Obesity during childhood is an important risk factor for obesity in adulthood and is associated with significant health problems in the pediatric age group.  Obesity affects multiple major organ systems, including the endocrine, cardiovascular, gastrointestinal, reproductive, skeletal, muscular, and pulmonary systems.  Co-morbidities include diabetes mellitus type 2, insulin resistance, metabolic syndrome, polycystic ovary syndrome, dyslipidemia, hypertension, nonalcoholic steatohepatitis, obstructive sleep apnea, orthopedic disorders, and mental health problems, including low self- esteem, depression, and the psychological distress of social stigmatization.

Poor dietary habits and inadequate physical activity are primary risk factors for becoming overweight.  As with other chronic diseases, primary care physicians need to identify patients at risk and counsel them in regard to behaviors that might ameliorate that risk.

The purpose of this study is use a multidisciplinary approach to develop a quality improvement initiative to address physician identification and counseling of obese and overweight patients in pediatrics, family practice, and internal medicine practices.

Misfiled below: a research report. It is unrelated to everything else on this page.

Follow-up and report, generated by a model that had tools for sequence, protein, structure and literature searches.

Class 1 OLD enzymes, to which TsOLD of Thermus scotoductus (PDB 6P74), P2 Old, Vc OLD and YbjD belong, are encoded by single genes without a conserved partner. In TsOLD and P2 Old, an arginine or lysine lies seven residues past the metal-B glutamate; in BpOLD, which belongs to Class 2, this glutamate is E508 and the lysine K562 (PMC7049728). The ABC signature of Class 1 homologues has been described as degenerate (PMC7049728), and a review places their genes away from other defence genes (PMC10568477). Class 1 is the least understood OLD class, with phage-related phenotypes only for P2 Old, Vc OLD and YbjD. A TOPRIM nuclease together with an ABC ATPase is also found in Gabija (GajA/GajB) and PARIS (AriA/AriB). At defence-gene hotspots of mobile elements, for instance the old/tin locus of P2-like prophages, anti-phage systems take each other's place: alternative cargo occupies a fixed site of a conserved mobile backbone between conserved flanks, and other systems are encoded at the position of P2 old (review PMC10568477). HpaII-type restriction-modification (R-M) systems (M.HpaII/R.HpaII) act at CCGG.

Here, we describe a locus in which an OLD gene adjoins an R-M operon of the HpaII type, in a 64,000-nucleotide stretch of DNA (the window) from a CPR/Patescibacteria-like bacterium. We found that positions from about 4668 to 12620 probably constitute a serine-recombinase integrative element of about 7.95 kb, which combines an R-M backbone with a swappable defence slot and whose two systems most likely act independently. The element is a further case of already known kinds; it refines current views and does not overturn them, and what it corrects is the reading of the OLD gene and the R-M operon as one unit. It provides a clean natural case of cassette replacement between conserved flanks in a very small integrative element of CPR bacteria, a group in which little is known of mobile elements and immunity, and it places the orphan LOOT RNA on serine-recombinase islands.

Design/Methods

Nineteen physician-fellows in the Michigan State University Primary Care Faculty Development Fellowship Program 2004-2005 discussed the care of obese patients and determined variables to measure for a practice audit.  These variables included patient demographics, family and personal history of major medical problems, documentation of diet and exercise counseling, goal-setting and follow-up plans.  Each physician audited charts of the last four visits of five obese patients and entered data onto a web-based form.  A faculty mentor exported and analyzed the data using Epi-info.  Fellows described the dataset using frequency statistics and comparisons were made on gender, ethnicity, and age with counseling variables using Chi-square and ANOVA.

Results

Data were collected on 94 patients, including 38 children. Thirty-one percent were African American; 12% Hispanic; 47% white.  Body mass index (BMI) was recorded in 72% of patients; mean BMI was 35.  Readiness for change was documented in 63% with goals for change set in 38%.  Diet counseling was provided to 71% and exercise counseling was provided to 74% without significant gender differences.  White patients were significantly less likely than non-white patients to be counseled for diet, 58% vs. 90% (p<.002) and were also less likely than non-white patients to be counseled for exercise, 61% vs. 93% (p<.002).